A Resilient Japan: GANBARE!!

By Eddy Montilla

Many Japanese people say that a Japanese heart can only be understood by another Japanese heart. And I would like to add a humorous touch (I think) by saying: Sometimes, they don’t even understand themselves!

     One of the expressions more frequently heard in Japan is GANBARE! GANBARIMASHOO! It is something like “try very hard”, “put a lot effort” in English. For many foreigners that study or know Japanese, the meaning of this expression ends there: A mere expression translated into their native language. The meaning is in their brains, but not in their hearts.

     “Ganbare” means more than that. It’s like some kind of energy and inspiration able to connect the heart of all Japanese people simultaneously. And that’s why it has an incomparable value. Thank you, sorry are also frequently repeated by them, but these words could have a touch of courtesy and appearance. However, this is not the case when they talk about ganbarimashoo.

     The concept of synergy is not well known by many people. Do you know why? It is because we were raised and educated to be individualist. That gives us an answer (not the only one) to why so many countries have not been able to develop themselves or why we can see so many poor people in advanced nations (examples of these nations are not necessary). Synergy means the extra energy and motivation that you can get when two or more people work together, something impossible to obtain when a person relies on his or her abilities.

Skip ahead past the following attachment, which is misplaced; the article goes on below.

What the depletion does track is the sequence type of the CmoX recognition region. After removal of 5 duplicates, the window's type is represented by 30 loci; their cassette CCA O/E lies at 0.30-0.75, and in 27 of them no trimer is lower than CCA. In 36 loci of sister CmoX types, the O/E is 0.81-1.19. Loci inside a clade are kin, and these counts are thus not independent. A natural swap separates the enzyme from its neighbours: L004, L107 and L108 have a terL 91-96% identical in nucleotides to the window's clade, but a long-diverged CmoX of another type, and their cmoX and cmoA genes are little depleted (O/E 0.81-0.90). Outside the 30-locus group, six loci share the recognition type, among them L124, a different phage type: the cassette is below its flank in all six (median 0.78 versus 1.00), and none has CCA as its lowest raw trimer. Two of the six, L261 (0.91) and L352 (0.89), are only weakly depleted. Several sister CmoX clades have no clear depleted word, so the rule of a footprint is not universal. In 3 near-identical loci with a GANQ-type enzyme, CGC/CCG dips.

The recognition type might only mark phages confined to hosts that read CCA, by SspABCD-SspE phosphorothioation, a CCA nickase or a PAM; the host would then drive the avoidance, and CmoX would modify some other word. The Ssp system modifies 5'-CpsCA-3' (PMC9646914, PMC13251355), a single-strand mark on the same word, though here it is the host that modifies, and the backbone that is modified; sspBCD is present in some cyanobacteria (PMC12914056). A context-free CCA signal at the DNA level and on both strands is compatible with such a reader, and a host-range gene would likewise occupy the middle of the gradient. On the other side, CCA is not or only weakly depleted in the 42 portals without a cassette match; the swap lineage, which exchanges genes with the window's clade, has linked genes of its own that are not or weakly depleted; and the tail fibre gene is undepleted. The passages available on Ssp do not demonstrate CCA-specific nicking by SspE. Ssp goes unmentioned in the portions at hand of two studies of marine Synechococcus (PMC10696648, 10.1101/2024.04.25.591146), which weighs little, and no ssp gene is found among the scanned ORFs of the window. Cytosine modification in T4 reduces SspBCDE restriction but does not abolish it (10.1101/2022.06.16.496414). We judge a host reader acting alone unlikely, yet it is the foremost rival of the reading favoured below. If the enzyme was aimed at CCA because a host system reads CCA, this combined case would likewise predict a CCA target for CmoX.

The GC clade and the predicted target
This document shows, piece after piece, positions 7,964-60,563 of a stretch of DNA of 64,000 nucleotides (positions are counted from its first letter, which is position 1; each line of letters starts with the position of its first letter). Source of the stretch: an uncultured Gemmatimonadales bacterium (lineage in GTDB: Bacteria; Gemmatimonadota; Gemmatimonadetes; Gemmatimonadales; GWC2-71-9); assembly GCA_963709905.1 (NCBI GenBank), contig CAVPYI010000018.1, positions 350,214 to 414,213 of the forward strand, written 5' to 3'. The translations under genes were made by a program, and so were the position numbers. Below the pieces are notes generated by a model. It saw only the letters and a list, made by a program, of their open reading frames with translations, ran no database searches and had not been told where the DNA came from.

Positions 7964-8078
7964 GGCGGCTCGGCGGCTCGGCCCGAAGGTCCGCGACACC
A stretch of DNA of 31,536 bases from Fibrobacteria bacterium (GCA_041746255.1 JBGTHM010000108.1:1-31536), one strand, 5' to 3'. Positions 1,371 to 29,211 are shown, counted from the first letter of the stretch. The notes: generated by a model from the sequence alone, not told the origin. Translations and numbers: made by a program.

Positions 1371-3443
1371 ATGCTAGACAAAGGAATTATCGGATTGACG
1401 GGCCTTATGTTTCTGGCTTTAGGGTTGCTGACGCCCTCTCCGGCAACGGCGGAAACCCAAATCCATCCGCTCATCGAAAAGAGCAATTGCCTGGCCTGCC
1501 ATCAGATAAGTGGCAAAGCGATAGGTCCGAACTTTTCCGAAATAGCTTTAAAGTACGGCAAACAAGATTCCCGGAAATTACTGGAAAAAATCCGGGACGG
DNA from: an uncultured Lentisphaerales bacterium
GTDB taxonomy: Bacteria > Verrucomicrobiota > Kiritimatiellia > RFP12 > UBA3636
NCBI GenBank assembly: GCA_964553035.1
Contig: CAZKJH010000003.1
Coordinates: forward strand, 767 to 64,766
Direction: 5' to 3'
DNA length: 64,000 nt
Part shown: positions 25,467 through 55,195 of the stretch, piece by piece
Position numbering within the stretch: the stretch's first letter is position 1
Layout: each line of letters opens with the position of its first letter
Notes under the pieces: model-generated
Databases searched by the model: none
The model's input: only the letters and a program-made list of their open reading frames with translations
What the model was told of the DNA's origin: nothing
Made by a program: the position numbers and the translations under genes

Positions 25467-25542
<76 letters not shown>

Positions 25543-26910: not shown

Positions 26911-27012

Thanks to this word, “Ganbare”, Japan has been able to recover from a lot of misfortunes: The atomic bombs, earthquakes, etc. to build a well-balanced economic power. The meaning of “Ganbare” has a strong impact not only on exceptional examples like these ones, but also on people’s daily life. “Ganbarimashoo” makes a child studies diligently and provide his or her parents the strength to endure their daily hard work. No doubt about it. The Japanese will get their country back on its feet again despite all damage caused by the earthquake and tsunami in Miyagi Prefecture.

     I, for my part, would like to tell them that, after listening so many people here saying Ganbare in spite of having lost their houses and parents, I finally learned the greatness, value and beauty of this world. I hope I can apply it to my own life and invite all of you to do the same too: GANBARE!! GANBARIMASHOO!!

Copyright 2011 by littlethings4all.wordpress.com. All rights reserved.


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